Ben Carson has a history of sweeping racial issues under the rug in an effort to please his white masters at the RNC and the bigoted base that supports them. From claiming that racial profiling isn’t a “real threat” to black men to claiming that political correctness and the lack of a father killed Michael Brown, Carson is no stranger to towing the GOP’s racist line when needed.
And he did it again during a tour of Ferguson, Missouri, on Friday, when he blamed America’s ills on a lack of respect, not racism.
The silencing power of ‘respect’
“Respect,” in standard English, is a noun and a verb. As a noun, it means, “
As a verb, it means “
The right-wing does not speak standard English. They speak their own weird, Orwellian dialect, and in their Orwellian dialect, respect means none of the above. In much the same way that political correctness has become a stand-in to demonize actual respect, the word respect now means to keep quiet and stop saying things that they don’t want to hear.
So when Carson and others are calling for respect, they don’t mean, “hold everyone in high esteem,” they mean, “shut up.” Because if they didn’t mean that, then they’d be calling for more “political correctness.”
A lack of common sense
Carson, a retired pediatric neurosurgeon, was touring Ferguson, Missouri, on Friday when he made the remarks.
The murder of Michael Brown thrust Ferguson and the surrounding community into the national spotlight in August of last year, when a white police officer shot and killed an unarmed black teenager named Michael Brown.
While the murder generated a national debate on police treatment of minorities, and exposed the deeply ingrained racial divide in the country, Carson insisted that the problem isn’t racism. According to Carson, the problem is education inequalities and a break down in values.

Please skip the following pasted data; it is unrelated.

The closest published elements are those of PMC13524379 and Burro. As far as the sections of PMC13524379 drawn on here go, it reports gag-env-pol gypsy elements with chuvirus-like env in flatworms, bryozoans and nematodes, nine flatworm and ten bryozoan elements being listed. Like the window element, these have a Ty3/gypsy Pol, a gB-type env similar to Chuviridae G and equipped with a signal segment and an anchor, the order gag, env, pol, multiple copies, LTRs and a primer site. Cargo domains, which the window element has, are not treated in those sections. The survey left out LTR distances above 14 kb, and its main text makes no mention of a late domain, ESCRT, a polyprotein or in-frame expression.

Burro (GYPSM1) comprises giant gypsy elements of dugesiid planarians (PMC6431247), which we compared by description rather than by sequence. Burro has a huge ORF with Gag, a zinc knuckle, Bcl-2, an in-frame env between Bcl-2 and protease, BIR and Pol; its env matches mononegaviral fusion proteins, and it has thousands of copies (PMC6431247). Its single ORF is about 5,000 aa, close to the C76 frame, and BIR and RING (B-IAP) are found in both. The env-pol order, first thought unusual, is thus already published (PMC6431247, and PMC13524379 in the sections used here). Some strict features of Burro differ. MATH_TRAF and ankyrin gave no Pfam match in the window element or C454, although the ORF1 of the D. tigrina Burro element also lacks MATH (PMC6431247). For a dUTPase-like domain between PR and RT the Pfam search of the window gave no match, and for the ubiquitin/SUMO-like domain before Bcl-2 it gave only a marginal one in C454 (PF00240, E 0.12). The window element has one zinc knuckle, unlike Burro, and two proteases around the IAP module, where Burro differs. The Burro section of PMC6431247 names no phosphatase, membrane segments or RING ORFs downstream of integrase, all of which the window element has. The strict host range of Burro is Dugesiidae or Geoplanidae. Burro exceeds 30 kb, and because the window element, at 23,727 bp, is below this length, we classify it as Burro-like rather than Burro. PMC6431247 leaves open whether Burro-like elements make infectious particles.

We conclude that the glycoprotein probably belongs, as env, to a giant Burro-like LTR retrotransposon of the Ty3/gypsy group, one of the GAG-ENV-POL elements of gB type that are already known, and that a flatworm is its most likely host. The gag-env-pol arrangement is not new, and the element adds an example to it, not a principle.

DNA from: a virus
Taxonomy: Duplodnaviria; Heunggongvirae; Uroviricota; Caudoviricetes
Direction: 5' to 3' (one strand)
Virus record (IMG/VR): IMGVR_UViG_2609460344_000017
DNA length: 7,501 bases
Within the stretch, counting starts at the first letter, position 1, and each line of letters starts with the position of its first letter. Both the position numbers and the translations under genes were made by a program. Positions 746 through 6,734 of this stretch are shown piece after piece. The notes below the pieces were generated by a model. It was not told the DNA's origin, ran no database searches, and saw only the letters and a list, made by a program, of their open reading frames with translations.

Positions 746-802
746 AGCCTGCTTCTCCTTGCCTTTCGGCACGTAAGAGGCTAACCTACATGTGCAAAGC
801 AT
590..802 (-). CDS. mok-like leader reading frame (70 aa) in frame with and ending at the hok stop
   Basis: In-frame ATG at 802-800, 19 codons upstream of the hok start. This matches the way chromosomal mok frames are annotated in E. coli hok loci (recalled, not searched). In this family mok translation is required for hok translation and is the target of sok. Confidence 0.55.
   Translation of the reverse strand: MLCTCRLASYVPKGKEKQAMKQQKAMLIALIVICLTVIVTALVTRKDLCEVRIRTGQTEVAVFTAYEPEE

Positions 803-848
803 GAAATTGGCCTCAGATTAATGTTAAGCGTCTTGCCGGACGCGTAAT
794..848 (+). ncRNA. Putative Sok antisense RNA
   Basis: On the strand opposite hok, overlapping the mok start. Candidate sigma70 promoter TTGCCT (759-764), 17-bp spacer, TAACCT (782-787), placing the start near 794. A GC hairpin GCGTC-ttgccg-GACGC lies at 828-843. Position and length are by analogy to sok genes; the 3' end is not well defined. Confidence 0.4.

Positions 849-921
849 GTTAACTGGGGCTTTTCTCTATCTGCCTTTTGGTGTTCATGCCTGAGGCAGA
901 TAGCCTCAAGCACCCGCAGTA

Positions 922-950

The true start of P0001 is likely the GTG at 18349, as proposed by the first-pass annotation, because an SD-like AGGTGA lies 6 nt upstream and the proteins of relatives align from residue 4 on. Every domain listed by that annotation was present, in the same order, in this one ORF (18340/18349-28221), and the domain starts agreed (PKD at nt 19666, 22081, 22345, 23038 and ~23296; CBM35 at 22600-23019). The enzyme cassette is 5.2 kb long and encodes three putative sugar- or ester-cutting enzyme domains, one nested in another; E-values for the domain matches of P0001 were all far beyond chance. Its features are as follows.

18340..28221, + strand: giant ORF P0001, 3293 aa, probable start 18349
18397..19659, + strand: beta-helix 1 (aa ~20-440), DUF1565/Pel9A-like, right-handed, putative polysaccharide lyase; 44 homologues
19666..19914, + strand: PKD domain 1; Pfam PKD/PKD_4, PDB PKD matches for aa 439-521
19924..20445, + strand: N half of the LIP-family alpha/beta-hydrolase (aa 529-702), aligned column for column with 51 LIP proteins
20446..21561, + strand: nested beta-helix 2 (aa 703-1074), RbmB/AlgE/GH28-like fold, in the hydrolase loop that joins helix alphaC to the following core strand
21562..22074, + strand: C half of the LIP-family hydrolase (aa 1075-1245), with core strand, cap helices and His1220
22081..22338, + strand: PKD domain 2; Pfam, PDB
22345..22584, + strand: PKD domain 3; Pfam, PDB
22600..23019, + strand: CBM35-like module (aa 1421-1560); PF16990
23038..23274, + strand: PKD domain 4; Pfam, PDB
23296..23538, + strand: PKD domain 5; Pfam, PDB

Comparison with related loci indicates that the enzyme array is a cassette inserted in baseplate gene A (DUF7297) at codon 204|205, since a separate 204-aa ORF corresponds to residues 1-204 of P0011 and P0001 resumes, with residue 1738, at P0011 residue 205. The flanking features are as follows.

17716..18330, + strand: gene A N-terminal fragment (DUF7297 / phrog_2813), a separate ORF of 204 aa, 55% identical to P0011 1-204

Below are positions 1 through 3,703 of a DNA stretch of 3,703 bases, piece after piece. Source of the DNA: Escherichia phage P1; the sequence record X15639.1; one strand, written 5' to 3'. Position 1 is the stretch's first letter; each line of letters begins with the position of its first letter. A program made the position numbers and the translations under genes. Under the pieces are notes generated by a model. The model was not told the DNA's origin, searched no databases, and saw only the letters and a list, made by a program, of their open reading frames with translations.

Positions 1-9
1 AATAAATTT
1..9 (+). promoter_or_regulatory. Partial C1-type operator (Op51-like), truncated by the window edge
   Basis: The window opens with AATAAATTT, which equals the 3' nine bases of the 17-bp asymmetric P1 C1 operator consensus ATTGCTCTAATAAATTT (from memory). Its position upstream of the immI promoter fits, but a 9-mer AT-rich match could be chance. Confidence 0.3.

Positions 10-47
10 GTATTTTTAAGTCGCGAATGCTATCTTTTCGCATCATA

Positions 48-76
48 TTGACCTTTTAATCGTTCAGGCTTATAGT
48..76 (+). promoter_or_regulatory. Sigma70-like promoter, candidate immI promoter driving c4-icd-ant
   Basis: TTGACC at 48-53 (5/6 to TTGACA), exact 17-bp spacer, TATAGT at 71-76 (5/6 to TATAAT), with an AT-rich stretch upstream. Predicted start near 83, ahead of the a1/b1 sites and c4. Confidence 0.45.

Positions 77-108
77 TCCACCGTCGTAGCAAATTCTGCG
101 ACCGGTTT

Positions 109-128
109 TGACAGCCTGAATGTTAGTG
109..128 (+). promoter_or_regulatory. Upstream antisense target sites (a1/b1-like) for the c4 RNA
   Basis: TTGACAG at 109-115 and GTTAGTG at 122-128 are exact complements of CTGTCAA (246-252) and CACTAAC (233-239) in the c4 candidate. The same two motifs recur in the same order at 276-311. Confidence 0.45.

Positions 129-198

“Education is the great divide,” Carson said. “Children need to understand that they have to get a good education.”
Carson said that it was necessary to “de-emphasize race” and “emphasize respect for others,” adding that, “If we respect people, we can begin to understand them. Our strength is in our unity.”
He also took the opportunity to expound on his anti-abortion position, saying that the “Black Lives Matter” movement should include “black lives taken by abortion.”
Not every one disagreed with Carson’s message, though. The 75-year-old Patricia McNeal, who works in Ferguson but lives in nearby Florissant, said that she sees Carson as a “man of integrity,” and said, “He does not try to degrade other people.”
Carson is currently second only to Trump, polling at 21%. And if I had to hazard a guess, it’s because there are more white supremacists in the Republican party than there are individuals willing to vote for a black man.
Feature image via DonkeyHotey on Flickr